Female Muslim students at a college in Britain have been asked to remove their religious veils or face temporary suspension, as the higher education institute says the niqab is a “security” risk.
Students heavily criticized the authorities at Birmingham Metropolitan College on Tuesday after the head teacher decided to ban the veil. Some students accepted and removed the niqab, while others left and decided to seek education at another institute.
“It is a personal choice and I find it absolutely shocking that this has been brought in at a college in Birmingham city centre when the city is so multicultural and so many of the students are Muslim,” said a 17-year-old female student at the college.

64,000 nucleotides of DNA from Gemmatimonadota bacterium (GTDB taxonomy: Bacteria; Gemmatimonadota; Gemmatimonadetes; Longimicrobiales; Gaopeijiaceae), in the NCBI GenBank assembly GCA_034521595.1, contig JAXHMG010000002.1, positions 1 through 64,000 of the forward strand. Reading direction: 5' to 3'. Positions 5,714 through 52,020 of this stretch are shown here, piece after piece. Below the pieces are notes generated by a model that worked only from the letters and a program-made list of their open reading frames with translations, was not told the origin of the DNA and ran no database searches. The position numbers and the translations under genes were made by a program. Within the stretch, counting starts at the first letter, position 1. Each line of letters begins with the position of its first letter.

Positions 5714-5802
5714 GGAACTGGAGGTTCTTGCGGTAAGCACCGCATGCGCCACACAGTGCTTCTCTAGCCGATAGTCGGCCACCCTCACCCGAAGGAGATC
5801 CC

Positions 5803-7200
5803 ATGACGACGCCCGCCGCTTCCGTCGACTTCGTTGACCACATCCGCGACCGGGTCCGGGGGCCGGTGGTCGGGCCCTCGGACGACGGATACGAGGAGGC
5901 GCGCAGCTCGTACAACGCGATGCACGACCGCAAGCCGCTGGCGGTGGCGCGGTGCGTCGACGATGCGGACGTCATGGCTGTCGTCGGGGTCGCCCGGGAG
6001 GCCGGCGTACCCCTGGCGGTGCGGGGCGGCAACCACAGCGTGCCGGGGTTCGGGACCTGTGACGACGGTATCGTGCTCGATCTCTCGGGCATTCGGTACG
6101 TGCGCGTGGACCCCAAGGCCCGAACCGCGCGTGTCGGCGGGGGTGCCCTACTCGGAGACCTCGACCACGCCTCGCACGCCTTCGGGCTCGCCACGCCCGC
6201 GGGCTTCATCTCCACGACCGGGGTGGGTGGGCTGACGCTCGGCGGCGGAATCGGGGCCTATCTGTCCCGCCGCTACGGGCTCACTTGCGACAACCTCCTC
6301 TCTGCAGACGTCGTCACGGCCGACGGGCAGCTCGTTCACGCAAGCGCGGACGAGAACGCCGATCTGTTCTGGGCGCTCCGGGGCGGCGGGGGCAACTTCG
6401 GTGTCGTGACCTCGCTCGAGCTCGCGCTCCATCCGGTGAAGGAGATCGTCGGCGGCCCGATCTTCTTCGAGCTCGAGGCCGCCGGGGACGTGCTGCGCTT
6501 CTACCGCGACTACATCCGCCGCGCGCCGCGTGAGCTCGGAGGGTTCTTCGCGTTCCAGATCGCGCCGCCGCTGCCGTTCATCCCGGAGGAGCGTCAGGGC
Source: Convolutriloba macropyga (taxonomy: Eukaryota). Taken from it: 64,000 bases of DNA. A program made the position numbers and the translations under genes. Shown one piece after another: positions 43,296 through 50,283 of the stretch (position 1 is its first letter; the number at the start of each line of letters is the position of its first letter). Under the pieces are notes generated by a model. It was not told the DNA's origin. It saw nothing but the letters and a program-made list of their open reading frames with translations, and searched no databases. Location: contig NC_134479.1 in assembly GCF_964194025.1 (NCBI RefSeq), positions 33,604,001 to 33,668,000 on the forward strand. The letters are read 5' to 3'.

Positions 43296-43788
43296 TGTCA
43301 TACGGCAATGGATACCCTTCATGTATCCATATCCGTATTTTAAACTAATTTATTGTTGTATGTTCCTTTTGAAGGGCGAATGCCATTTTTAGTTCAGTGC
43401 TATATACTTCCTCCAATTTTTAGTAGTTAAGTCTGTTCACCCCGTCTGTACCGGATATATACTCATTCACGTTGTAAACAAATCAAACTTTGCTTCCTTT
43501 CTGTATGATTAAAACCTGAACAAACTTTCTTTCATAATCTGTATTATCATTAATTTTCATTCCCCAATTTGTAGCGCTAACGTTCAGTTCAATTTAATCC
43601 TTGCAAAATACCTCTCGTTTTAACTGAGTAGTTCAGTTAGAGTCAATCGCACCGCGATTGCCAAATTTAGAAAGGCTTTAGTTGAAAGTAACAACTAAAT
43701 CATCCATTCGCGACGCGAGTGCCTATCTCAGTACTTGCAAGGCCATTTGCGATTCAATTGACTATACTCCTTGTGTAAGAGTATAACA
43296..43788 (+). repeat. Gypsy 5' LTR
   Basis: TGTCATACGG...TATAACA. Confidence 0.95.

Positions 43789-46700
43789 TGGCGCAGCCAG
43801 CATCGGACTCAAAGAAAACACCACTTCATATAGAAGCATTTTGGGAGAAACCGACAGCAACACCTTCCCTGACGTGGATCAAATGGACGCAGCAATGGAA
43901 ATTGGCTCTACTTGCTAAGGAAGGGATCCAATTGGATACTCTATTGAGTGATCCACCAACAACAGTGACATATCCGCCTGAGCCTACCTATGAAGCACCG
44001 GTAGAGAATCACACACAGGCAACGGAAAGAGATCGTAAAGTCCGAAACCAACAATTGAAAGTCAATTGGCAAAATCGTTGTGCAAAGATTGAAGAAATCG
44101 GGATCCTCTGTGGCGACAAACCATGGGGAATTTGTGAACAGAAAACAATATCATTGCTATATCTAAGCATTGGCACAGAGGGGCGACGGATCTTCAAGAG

Principal and chief executive of the Birmingham Metropolitan College, Dame Christine Braddock, said security “needs individuals to be easily identifiable at all times when they are on college premises and this includes the removal of hoodies, hats, caps and veils so that faces are visible.”
The new strict policy was announced days after the British parliament discussed the issue of religious dress. In 2007, the UK government gave head teachers jurisdiction to ban full-face veils if there was a threat to security, safety or learning.
Britain’s has got closer to France’s stance against Muslim traditions, which has enforced a ban on the face-covering veil in all public spaces.